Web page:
Efforts essential to talent development 

I was disappointed to read a column ("Taxpayer subsidized workforce development is a lemon," July 14) disparaging workforce development in Michigan. While there’s always room to improve, our state’s workforce development offerings deliver positive results for job seekers and employers alike, especially through the Michigan Works! network.

Workforce development is far from a big government solution with no business involvement. Michigan Works! organizations, which are the state’s economic development partner, rely heavily on private sector leadership. Each of our 16 Michigan Works! boards are by law 50% private sector.

The fact is our programs are locally demand-driven, which means Michigan Works! lets local employers and workers drive the discussion about critical hiring areas, training needs and placement support. Michigan Works! then follows up with customized services and supports, using a model that’s now highly regarded across the U.S. In fact, our state’s workforce development structure was the template used to craft federal laws related to talent development.

We’re serving 800,000 job seekers and 36,000 employers each year. From young people just beginning their careers to veterans, returning citizens, and many others, each of our clients can access not just interview skills or resume support, but hard-hitting apprenticeships, on-the-job training and other practical supports integral to career success.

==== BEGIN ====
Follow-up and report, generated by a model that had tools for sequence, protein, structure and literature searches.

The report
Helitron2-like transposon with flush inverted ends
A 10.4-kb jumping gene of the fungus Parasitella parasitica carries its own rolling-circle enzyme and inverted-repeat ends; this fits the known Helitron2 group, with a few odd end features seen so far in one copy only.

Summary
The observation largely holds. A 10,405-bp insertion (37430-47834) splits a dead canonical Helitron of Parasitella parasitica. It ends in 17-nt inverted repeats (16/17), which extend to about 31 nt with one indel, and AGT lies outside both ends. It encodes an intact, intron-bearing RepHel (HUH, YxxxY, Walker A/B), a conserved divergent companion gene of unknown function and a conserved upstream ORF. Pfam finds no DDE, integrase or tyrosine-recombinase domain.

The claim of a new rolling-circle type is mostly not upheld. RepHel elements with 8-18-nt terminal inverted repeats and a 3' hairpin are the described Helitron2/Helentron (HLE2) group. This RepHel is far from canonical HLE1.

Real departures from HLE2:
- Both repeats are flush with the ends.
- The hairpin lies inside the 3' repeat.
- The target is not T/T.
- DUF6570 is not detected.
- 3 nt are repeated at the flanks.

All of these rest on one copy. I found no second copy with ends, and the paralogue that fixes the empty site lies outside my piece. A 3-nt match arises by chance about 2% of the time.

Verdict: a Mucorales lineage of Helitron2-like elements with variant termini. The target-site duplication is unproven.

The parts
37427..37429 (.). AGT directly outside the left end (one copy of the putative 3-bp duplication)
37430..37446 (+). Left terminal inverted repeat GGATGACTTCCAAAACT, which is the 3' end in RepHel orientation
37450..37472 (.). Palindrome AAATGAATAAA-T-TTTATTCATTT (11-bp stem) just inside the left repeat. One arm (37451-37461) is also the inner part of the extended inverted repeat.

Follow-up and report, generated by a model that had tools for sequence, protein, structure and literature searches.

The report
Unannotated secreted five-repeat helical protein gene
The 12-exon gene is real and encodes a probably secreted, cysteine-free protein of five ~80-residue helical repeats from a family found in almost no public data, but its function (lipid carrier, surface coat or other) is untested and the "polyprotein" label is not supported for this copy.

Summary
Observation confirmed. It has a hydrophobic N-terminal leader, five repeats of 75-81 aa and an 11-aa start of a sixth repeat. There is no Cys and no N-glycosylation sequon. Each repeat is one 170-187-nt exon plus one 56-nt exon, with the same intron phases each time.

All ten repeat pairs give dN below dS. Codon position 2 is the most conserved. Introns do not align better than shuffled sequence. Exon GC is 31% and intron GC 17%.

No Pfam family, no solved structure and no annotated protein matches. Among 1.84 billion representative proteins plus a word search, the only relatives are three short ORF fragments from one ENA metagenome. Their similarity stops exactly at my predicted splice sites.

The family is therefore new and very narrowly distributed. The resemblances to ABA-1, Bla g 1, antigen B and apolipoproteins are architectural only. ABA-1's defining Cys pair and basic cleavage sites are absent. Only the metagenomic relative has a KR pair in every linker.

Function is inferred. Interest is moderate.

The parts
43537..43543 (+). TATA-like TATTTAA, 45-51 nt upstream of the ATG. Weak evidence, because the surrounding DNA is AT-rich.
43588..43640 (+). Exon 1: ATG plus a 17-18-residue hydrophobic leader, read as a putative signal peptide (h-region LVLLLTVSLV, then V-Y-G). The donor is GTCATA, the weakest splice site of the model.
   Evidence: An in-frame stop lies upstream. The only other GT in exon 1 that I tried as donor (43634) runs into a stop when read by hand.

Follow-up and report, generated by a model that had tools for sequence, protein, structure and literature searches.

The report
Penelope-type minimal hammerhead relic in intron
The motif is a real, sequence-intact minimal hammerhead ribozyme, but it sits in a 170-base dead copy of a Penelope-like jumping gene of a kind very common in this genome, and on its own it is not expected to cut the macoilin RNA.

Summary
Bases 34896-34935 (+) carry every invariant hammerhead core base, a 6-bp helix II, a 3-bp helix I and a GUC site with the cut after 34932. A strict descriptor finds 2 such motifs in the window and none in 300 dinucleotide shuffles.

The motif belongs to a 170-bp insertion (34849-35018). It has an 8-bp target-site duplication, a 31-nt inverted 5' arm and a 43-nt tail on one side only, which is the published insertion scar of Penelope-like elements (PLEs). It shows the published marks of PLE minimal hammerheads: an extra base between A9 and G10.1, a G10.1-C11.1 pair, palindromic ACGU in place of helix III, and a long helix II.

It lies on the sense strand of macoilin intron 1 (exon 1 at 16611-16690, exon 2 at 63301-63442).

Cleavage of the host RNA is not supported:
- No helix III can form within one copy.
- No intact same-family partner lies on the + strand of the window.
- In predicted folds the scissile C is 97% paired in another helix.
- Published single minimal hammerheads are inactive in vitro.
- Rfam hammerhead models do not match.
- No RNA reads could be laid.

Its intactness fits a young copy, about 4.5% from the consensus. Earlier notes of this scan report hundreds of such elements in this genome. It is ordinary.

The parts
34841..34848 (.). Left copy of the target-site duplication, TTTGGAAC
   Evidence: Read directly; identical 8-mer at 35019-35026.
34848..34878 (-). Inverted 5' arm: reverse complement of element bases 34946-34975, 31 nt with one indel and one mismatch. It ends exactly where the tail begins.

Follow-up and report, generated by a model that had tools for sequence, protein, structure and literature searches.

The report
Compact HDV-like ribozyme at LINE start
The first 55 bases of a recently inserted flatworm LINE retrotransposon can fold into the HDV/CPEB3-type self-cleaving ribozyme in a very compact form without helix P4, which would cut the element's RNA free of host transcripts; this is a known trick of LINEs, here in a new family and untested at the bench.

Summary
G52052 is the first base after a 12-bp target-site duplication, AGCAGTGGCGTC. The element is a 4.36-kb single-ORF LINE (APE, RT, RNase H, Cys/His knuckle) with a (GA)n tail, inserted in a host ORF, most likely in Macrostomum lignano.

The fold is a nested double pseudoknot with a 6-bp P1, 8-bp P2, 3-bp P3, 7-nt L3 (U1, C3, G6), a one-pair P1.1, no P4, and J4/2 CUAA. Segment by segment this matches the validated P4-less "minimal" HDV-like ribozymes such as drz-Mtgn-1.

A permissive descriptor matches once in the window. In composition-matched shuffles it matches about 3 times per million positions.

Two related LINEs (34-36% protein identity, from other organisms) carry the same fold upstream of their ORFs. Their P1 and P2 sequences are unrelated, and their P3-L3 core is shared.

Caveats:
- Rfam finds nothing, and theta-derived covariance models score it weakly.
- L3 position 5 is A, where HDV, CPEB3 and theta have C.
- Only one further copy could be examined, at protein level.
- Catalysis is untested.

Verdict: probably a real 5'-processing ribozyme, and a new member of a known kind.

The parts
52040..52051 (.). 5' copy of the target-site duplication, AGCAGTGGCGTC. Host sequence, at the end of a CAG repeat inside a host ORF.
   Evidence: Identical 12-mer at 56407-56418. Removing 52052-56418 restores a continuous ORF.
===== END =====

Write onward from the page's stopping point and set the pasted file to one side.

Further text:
Our state’s economic progress since 2009 would not be what it is without the sustained work of our state’s talent development system. There is always room to improve, but workforce development efforts in Michigan are definitely working.

Charlie Mahoney, Four-M Associations owner

chairman, Michigan Works! Association Board

Workforce column was void of fact

Sarah Estelle in her guest column took Gov. Gretchen Whitmer to task for her proposed budget that includes $400 million for workforce development programming.

She suggests that workforce development training should be left to business since government can’t possibly know how to run such programs efficiently. She further suggests Michigan taxpayers have somehow been hoodwinked about the success of these programs.

Unfortunately, her column is long on opinion, short on research and void of fact.

No single entity can address workforce development alone — including business — or they would already be doing it.

In the past three years, Oakland County Michigan Works! has:

• Trained 1,870 unemployed or under-employed individuals in high-skill, high-demand jobs including nursing, CAD design and programming, among many others.

• Awarded $5.1 million to 204 Oakland County companies to train 2,188 new hires; 3,347 existing employees and create 114 apprenticeships.

• Trained 123 workers in robotics, automation or advanced manufacturing at Oakland Community College and Macomb Community College, with 84 students earning industry-recognized credentials and placement of 85% of those workers in high-demand occupations.

• Met with more than 300 companies to discuss the establishment of apprenticeship programs, resulting in the creation of nearly 140 new apprenticeships.

In November 2018, we connected more than 8,000 high school students from six counties with 1,000 business, labor and education representatives featuring 114 different occupations in advanced manufacturing, construction, health sciences and technology.

We expect 10,000 students at the 2019 MI Career Quest Southeast on Nov. 8.

We take seriously the impact our work has on the community, our state and take pride in our success. We are happy to share our success story with Estelle anytime.

Michael D. McCready, acting director

Oakland County Department of Economic Development & Community Affairs

Christina Tribuzio, chair

Oakland County Workforce Development Board

Corporate vice president, PGK Services

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